The shelf-life of a food item is the period during which it is safe to eat. In the course of its shelf life, the product will be in good condition and will retain the desired chemical, sensory, physical, and microbiological qualities.
Understanding the shelf life of your product is vital to ensure the quality and safety of the products. It is essential to review shelf life after products are modified because altering or reducing the amount of sugar, salt, or preservatives could have a significant impact on shelf life.
What factors affect the shelf life?
Shelf life is affected by numerous aspects of good manufacturing practices and the formulation of the product. These factors are frequently used to block the growth of microbes and control the shelf life of microbiological products. This is referred to as the hurdle technology.
Modified gas atmospheres created during the process of packaging or during bottled and jarred packaged goods storage will affect the growth of microbial and chemical reactions. In the same way, the gas, light, and packaging material permeability will affect shelf time.
Raw materials introduce microorganisms as well as sensory characteristics into products. The variation of the materials used to make them could result in these attributes changing within the product, which could alter the shelf life. For instance, coleslaw that is made from freshly harvested cabbage will have a lower amount of yeast than the cabbage that has been stored cold and consequently will last longer in shelf duration. It’s also important to know whether there are any in-house or other requirements that you need to adhere to. For more specific advice, you can look up how to establish microbiological standards.
Every processing process has a significant impact on the microflora as well as the biochemical, chemical, and sensory characteristics of food. Small changes in one form of the process could affect the characteristics of the food and can be vital to the shelf-life of the food – for example, with cottage cheese, minor changes in pH between 4.5-5.5 can have a significant impact on the types of spoilage microorganisms that could grow. Furthermore, such changes could lead to the development of pathogens should they make it through the processor, in the end, contaminating the food.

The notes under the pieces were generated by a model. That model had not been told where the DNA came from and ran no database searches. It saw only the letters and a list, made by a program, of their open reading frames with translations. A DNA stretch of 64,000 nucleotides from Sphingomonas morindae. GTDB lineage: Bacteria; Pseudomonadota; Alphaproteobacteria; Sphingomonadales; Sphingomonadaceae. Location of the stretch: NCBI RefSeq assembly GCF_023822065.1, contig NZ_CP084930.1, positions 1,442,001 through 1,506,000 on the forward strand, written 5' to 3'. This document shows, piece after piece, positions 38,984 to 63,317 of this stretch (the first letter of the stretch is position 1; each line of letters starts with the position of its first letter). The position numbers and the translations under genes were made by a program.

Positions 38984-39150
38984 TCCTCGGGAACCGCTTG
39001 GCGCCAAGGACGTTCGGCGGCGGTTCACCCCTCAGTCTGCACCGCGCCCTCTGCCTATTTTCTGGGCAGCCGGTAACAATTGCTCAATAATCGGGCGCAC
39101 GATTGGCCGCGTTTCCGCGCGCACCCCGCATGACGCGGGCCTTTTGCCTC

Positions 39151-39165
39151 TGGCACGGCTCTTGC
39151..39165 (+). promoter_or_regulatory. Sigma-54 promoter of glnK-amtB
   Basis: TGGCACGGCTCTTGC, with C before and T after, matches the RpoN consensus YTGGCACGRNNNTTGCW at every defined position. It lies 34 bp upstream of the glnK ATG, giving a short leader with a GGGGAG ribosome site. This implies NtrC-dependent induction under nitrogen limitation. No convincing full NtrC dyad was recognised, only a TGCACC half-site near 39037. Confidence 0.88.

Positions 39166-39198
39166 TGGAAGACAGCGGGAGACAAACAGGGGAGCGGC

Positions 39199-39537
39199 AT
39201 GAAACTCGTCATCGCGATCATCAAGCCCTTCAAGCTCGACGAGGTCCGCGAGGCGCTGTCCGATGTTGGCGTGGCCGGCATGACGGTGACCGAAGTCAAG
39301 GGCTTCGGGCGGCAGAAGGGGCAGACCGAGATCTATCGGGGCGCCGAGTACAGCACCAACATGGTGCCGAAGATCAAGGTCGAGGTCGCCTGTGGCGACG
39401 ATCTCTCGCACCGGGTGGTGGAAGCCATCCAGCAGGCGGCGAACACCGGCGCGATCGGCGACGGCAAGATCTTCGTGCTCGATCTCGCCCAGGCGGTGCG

The formulation for the product
The intrinsic characteristics of the product, like pH, salt, and water activity, which have been identified as crucial for product stability – have to be met, in order in order to ensure that the products made to specifications are in line with the shelf-life that is claimed for the product.
Distribution and storage
The way the product is stored during both retail display and transport will significantly impact shelf life. The temperature of storage is the primary impact. However, humidity and light will also affect the shelf life. Customers might have different expectations regarding the temperature and time the product is kept at. So it’s possible that one product will require multiple shelf lives when the manufacturer serves multiple customers.
Insufficient hygiene control can cause high levels of organisms that are introduced into the product, which could affect the quality and safety of the product, and consequently alter its shelf-life – for example, poor cleanliness of equipment used to slice meat can increase the number of microbiological counts and shorten the shelf-life of meat that has been cooked.
The way a consumer buys, stores and utilizes the product can affect the shelf-life of the product. For instance, the length of time that the product remains in the fridge at the store and how it is transported to their residence. When the product is returned home, how is it stored? For instance, the juice might not be returned to the fridge, but the carton could be left at the counter for some time.
The shelf-life of food items is affected by chemical, microbiological and sensory factors and, in certain cases, the legislative specifications. Shelf life must be determined based on the sound principles of science that consider all relevant manufacturing, formulation distribution, storage, and distribution factors. The right shelf-life for a product can be crucial for success in commercializing a brand new product and should be considered at the beginning of the development process for a new product.
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